The fate of a COVID-19 relief bill to deliver aid for millions of Americans left desperate by the pandemic rests in the hands of Senate majority leader Mitch McConnell, New York Sens. Chuck Schumer and Kirsten Gillibrand said Sunday.
As daily cases of the virus in the U.S. hit record highs over the last week, the pair of Democratic lawmakers said it’s vital for both parties to come together on legislation that keeps the economy afloat and enables workers to stay home to contain the spread of the outbreak.
President Trump on Saturday tweeted support for a new relief package — and suggested Democrats were to blame for a political stalemate that’s kept any major pandemic aid from being passed since March.
But Schumer, the Senate minority leader, said Trump’s communique was in reality directed at McConnell.
“It should say McConnell should do this, because he’s who’s holding it all up,” said Schumer. “The Republican Senate refuses to move forward on any kind of COVID bill that has any kind of relief for the American people.”
Democrats have for six months been stonewalled by McConnell and other Republicans in their effort to expand pandemic-related unemployment benefits, renter protections and aid to state and local governments.
The Democrat-controlled House of Representatives in May passed the HEROES Act, which would have extended a $600 weekly boost in unemployment insurance that expired at the end of July.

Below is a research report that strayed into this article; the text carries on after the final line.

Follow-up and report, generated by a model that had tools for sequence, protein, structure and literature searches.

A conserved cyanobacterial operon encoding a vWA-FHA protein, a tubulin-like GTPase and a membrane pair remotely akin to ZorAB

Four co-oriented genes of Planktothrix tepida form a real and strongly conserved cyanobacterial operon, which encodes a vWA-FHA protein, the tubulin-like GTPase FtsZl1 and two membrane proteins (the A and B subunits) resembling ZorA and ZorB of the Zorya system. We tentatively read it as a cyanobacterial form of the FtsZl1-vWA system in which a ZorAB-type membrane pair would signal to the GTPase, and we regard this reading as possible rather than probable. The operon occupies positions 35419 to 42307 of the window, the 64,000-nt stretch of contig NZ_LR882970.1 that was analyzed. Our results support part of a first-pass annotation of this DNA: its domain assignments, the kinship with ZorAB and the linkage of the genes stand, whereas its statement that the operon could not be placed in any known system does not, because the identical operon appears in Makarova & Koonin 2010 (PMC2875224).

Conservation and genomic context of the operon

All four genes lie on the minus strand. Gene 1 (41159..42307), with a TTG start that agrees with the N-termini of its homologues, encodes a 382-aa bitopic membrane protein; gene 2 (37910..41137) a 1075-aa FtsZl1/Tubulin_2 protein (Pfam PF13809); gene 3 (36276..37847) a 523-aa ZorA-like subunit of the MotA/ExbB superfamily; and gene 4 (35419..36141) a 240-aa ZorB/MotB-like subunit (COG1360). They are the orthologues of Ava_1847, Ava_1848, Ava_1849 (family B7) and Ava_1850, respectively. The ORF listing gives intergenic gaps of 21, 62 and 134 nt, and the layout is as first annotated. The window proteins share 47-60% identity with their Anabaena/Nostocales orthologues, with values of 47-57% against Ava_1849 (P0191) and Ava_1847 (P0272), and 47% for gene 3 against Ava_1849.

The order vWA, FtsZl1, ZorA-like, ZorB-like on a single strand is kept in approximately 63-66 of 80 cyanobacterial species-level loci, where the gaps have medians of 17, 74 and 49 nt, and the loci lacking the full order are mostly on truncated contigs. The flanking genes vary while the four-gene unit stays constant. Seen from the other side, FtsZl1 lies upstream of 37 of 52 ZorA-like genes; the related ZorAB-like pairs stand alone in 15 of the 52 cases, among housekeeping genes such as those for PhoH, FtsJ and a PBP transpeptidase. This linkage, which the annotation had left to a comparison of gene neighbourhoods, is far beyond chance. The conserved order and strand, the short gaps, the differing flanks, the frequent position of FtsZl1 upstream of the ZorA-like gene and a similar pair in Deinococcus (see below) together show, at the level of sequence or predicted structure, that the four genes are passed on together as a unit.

The bill also would have provided $4 billion in relief to the Metropolitan Transportation Authority, which has called for another $12 billion from Congress by the end of 2021 after receiving $4 billion through the CARES Act passed in March.
Schumer and House Speaker Nancy Pelosi over the summer worked with the White House to trim down the HEROES Act proposal — but the bill was still unable to make it past the Senate.
Gillibrand said a main holdup was McConnell’s push to make businesses free from liability for any COVID-19 outbreaks or deaths that occur within their workplaces.
“He is so fixated on liability protection he’s unwilling to send the aid that’s needed to cities and states across the country,” Gillibrand said.
Schumer said McConnell should see President-elect Biden’s victory in this month’s election as a mandate from the American people for more pandemic aid.
With the Senate majority hanging on a pair of Jan. 5 runoff elections in Georgia, Schumer said it could be McConnell’s last chance to direct a pandemic relief package.
“Republicans are spending all their time saying the election wasn’t legitimate,” said Schumer. “We know it’s legitimate. Now work with us, get a COVID bill done.”
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